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The Cold War was a distinct and crucial period in Hong Kong's evolution and in its relations with China and the rest of the world. Hong Kong was a window through which the West could monitor what was happening in China and an outlet that China could use to keep in touch with the outside world. Exploring the many complexities of Cold War politics from a global and interdisciplinary perspective, Hong Kong in the Cold War shows how Hong Kong attained and honed a pragmatic tradition that bridged the abyss between such opposite ideas as capitalism and communism, thus maintaining a compromise between China and the rest of the world.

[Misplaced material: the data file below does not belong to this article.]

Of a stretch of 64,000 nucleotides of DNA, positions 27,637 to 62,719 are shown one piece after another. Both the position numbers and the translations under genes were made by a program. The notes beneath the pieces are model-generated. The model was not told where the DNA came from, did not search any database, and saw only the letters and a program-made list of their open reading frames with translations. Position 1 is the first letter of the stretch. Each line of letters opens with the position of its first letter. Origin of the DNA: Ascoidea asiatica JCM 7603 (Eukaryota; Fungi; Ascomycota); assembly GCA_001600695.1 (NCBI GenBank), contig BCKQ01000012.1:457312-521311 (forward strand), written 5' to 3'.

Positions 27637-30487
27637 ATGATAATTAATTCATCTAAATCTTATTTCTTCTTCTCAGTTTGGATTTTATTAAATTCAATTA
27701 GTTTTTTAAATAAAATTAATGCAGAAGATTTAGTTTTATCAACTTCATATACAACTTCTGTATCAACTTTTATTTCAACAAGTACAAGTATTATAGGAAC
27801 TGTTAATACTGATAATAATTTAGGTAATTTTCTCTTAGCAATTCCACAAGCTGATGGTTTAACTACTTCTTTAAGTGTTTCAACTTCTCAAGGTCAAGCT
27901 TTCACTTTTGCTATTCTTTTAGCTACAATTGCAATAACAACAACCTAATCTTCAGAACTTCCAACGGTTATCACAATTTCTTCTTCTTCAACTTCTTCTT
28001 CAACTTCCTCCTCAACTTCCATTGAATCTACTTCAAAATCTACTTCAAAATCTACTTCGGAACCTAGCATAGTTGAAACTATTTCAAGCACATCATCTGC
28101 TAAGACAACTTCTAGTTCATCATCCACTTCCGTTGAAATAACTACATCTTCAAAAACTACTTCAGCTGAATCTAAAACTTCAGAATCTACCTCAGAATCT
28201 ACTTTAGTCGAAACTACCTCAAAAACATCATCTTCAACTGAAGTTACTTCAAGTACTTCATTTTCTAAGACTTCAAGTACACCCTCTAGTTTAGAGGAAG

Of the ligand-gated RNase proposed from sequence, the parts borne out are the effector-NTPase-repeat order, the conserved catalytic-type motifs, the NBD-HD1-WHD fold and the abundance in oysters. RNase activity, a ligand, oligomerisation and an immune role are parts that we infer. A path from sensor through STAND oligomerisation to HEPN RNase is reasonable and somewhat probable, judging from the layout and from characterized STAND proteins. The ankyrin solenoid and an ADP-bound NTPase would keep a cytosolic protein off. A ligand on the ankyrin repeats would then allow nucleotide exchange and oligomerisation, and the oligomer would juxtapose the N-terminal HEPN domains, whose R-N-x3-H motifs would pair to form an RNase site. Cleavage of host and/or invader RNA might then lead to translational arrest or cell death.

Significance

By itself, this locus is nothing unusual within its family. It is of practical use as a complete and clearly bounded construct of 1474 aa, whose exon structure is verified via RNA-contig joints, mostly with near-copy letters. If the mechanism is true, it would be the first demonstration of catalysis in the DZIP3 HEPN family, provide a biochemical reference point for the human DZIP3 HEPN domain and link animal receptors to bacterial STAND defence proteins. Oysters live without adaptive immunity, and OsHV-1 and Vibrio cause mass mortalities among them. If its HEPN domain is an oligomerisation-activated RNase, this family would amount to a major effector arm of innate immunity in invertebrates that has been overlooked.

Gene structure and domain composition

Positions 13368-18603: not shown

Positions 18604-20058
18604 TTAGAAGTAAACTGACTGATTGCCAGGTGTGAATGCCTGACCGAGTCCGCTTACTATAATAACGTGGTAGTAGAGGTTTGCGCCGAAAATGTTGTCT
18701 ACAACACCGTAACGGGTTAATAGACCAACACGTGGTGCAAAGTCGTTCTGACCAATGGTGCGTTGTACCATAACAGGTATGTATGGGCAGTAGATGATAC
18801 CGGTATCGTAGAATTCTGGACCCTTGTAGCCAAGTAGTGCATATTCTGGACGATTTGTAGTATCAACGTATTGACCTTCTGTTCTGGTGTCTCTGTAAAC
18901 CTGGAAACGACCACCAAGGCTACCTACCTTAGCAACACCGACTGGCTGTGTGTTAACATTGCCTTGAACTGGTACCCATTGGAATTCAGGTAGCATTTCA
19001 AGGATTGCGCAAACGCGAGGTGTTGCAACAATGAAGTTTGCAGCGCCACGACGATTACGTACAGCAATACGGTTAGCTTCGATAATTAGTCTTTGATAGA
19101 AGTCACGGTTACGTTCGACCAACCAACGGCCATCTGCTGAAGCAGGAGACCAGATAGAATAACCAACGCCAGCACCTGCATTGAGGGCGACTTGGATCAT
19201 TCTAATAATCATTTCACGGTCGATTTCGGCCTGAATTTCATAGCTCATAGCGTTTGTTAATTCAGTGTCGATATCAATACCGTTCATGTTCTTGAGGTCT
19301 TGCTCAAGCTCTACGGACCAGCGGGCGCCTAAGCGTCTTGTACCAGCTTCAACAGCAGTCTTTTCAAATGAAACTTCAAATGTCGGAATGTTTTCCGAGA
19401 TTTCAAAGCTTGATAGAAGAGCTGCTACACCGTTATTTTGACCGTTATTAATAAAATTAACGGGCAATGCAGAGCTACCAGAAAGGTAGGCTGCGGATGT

The chapters are written by nine leading international scholars and address issues of diplomacy and politics, finance and economics, intelligence and propaganda, refugees and humanitarianism, tourism and popular culture, and their lasting impact on Hong Kong. Far from simply describing a historical period, these essays show that Hong Kong's unique Cold War experience may provide a viable blueprint for modern-day China to develop a similar model of good governance and may in fact hold the key to the successful implementation of the One Country Two Systems idea.